Bernie Krause has spent a lifetime recording the sounds of nature. It's getting quieter every day.
Tim Chapman

We are all witnesses to climate change's devastating impact on our world. We just have to stop and listen.

It was spring 2004. The air was cool and still, the encroaching dawn light outlined the horizon; and there, in the heart of California’s Sugarloaf Ridge State Park, was Bernie Krause busily setting up his microphone.

The soundscape ecologist recorded the symphony of the forest’s sounds that day: the gurgle of the gushing stream; the melodic birdsong from sparrows and woodpeckers, robins and grosbeaks, towhees and wild turkeys. It was a rich and vibrant recording, a celebration of life and biodiversity.

Krause returned last year to the same spot in Sugarloaf, located a short drive from his Glen Ellen home. The details of the recording session were the same: springtime in early dawn, a microphone and a tripod. But the habitat’s soundtrack had altered dramatically.

“[It was the] first spring in my 77 years that was completely silent,” said Krause. “There were birds. But there was no birdsong whatsoever.” Even the surge of the stream could not be heard.

As Krause explained, the music of the Sugarloaf area had been diminishing for years, silenced in part by California’s record-breaking drought.

“Between 2009 and 2015, under the full impact of the drought, you hear an almost complete lack of density and diversity,” he told Outside magazine in December. “Whether or not it regains vitality remains to be seen.”

Soundscape ecology is the study of nature’s sounds -- from the lapping of the ocean’s waves and the rustle of leaves, to the howls of wolves and the chortle of kangaroos.

“Natural soundscapes are a narrative of place. They contain information vital to our understanding of the natural world,” Krause told The Huffington Post in an email this week. “They provide feedback to us as to how well we are doing in relationship to a given environment, whether it is under stress, or thriving.”

For almost five decades, Krause has devoted his life to documenting the sounds of the world’s many natural habitats. He’s recorded the growls of Amazonian jaguars; the belch of Fijian sea anemones; the groaning of Arctic glaciers; and even the bizarre, beautiful “song” of a cottonwood tree. Since 1968, he’s captured more than 5,000 hours of audio in habitats both terrestrial and marine.

“When I first began recording wild soundscapes, I had no idea that ants, insect larvae, sea anemones and viruses created a sound signature,” said Krause in a 2013 TED Talk about his work. “But they do. And so does every wild habitat on the planet.”

If, however, Krause’s earlier recordings were a chronicle of the Earth’s rich biodiversity, his more recent work is a testament to the planet’s decline.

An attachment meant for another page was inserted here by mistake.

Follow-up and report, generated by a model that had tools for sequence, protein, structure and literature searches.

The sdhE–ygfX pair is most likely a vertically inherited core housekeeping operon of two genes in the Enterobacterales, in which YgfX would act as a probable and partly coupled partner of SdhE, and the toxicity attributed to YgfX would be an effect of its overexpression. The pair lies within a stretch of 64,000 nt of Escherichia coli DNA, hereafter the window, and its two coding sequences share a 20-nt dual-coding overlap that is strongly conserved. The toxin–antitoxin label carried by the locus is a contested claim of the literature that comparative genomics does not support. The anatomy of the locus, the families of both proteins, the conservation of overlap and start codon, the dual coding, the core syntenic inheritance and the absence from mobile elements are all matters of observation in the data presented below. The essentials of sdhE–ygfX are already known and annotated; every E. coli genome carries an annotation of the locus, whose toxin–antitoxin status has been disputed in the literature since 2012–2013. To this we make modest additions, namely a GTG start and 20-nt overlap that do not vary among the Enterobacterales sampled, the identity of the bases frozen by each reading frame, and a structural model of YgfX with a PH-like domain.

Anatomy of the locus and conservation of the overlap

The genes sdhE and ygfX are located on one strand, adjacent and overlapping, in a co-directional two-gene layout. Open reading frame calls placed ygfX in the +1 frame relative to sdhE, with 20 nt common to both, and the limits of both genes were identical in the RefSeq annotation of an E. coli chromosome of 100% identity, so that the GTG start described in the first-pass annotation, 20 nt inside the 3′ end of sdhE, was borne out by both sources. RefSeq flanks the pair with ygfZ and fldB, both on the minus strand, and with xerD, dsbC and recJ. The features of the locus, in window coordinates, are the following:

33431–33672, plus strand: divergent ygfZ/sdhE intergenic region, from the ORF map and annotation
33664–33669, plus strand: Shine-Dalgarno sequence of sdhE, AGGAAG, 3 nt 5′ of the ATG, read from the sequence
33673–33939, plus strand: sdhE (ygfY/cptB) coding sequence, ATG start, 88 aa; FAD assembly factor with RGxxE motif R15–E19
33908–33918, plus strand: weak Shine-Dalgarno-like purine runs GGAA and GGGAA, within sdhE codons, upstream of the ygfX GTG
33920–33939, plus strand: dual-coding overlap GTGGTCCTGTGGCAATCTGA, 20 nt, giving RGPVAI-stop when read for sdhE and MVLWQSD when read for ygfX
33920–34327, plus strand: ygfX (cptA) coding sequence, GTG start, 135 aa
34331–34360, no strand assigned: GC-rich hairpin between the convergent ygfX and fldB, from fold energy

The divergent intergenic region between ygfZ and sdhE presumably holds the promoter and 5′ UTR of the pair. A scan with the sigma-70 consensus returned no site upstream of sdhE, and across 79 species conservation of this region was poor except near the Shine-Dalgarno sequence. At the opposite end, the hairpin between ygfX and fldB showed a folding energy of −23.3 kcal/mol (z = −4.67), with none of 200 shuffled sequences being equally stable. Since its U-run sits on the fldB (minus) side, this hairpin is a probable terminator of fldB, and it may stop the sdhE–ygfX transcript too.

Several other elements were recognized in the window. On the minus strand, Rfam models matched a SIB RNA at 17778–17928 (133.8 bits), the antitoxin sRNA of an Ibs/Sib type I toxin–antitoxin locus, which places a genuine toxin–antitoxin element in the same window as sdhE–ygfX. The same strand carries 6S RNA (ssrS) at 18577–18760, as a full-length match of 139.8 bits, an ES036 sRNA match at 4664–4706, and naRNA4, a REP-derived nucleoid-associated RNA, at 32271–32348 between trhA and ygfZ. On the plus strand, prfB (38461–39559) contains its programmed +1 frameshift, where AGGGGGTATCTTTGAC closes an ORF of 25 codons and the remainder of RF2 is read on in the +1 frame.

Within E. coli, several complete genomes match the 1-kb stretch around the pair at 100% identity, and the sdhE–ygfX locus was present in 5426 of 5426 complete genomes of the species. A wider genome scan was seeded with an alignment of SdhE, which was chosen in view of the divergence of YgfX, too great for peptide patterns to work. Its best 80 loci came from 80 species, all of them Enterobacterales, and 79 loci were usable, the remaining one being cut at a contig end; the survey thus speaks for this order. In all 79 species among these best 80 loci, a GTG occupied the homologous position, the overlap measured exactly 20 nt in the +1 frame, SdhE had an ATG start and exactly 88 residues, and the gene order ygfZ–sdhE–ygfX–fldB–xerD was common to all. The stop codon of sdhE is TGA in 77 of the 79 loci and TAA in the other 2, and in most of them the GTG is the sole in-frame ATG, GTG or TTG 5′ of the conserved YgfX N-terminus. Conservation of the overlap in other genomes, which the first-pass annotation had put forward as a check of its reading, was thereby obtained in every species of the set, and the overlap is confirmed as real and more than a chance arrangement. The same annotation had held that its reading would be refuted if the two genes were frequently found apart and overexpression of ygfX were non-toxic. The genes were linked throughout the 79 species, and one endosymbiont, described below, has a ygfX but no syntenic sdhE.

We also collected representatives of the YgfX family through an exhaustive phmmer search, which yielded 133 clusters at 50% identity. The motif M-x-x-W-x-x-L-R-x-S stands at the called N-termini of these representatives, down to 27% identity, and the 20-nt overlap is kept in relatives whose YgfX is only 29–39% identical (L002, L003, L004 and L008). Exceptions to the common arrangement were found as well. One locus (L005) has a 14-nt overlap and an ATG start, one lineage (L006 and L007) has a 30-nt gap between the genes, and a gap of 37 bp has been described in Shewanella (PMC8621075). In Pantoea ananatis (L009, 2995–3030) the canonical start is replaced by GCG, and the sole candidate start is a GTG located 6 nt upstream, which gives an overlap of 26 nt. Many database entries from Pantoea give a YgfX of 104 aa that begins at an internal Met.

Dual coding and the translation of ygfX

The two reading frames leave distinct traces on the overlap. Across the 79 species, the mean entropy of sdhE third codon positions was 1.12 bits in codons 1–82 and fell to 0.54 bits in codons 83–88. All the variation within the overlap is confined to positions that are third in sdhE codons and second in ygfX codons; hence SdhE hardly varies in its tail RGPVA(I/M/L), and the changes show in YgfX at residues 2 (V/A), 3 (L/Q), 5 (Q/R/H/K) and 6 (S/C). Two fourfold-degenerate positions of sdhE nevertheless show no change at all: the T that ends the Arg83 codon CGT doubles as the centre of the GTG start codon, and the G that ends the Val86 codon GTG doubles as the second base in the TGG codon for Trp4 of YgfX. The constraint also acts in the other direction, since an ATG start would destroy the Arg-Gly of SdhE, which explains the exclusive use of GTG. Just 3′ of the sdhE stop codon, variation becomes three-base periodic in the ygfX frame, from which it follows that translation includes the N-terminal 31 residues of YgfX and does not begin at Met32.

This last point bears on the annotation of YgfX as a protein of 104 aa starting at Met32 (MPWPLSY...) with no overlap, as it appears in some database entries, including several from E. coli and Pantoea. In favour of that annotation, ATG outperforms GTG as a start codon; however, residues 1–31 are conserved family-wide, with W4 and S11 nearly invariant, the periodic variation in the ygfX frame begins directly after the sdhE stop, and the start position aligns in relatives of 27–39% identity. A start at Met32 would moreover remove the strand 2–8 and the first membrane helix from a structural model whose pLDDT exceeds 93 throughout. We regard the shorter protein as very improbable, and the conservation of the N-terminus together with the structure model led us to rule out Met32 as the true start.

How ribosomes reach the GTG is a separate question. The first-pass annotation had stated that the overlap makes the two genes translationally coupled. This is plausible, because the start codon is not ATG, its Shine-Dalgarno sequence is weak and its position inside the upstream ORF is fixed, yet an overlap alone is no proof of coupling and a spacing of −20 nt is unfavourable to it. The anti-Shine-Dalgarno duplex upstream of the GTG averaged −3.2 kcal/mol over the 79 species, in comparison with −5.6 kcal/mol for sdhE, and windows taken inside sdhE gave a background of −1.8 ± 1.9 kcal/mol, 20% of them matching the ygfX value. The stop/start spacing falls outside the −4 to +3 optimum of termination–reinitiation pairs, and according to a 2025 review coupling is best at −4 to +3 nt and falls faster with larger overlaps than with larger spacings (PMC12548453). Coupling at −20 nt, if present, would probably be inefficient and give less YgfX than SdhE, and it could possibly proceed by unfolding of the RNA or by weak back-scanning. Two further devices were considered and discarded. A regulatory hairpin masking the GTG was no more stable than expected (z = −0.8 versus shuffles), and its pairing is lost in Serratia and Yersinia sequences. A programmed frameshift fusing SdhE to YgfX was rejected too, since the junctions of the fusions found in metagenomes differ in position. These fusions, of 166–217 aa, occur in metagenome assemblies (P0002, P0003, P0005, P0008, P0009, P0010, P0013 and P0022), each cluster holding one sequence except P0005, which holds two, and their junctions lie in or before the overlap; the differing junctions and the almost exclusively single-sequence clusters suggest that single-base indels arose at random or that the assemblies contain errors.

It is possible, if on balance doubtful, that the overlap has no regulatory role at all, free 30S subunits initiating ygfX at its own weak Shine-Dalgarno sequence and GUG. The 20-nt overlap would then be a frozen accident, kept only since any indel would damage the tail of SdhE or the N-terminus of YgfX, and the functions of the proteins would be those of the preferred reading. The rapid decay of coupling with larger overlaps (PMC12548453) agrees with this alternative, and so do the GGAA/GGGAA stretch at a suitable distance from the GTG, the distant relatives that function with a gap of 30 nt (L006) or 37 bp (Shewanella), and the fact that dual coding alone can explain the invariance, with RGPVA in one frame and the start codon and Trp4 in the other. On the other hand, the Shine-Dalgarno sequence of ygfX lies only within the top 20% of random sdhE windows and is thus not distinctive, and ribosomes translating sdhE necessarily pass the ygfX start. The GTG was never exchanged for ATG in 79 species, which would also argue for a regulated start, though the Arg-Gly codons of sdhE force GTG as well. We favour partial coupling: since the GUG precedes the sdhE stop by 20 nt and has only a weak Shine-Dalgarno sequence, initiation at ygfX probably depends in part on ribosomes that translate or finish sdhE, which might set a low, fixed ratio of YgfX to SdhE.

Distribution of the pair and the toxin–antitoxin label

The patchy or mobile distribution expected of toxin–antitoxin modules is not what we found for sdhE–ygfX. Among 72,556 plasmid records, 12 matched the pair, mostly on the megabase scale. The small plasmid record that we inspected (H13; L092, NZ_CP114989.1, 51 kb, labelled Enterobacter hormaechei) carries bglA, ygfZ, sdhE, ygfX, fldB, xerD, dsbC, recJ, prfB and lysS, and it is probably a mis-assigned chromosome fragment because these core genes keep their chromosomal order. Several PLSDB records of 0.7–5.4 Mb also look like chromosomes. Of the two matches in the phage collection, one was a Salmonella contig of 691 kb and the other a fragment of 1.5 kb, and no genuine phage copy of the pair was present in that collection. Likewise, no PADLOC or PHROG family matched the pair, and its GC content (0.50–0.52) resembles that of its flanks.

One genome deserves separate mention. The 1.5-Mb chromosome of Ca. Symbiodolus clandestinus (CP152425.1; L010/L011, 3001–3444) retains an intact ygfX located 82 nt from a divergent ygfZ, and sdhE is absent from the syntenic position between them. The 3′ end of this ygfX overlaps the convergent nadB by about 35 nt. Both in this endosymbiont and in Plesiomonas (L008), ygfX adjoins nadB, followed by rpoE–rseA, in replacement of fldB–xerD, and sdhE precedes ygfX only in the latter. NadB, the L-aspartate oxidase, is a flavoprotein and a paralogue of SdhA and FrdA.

The soundscapes “speak eloquently to all of the climate issues we are now confronting,” Krause said. “Global warming, severe weather shifts, earlier and later warm seasons, shifts in the density and diversity of bird, frog and mammal populations. All of these factors are conveyed.”

Of the 3,700-plus habitats represented in his archive, more than 50 percent are now either “altogether silent or so radically altered because of human endeavor, that they can no longer be heard in any of their original voice,” Krause said.

“These are soundscapes that no one will ever experience again in their natural state. They exist now only as an abstraction, a digital acoustic impression of what we once had,” he added.

Here's a recording from the Osa Peninsula of Costa Rica, which Krause captured in 1989:

He returned several years later, after the tropical forest had been clear-cut:

Scientists estimate that one-quarter of the world’s species may be driven to extinction because of climate change by 2050. That number could rise to 50 percent by 2100.

“A great silence is spreading over the natural world even as the sound of man is becoming deafening,” Krause wrote in his 2012 book, “The Great Animal Orchestra.” “Little by little the vast orchestra of life, the chorus of the natural world, is in the process of being quietened.”

In July, the Fondation Cartier pour l’Art Contemporain in Paris will launch a special exhibition showcasing Bernie Krause’s work entitled, “The Great Animal Orchestra.” It is the first ever exhibit dedicated to the subject of soundscape ecology, according to Krause. Works by other artists, including Mexican architect Gabriela Carrillo and Chinese artist Cai Guo-Qiang, will also be featured. Find out more about the exhibit, which will run till January 8, 2017, here.

Before You Go

1. The unprecedented recent increase in carbon emissions.

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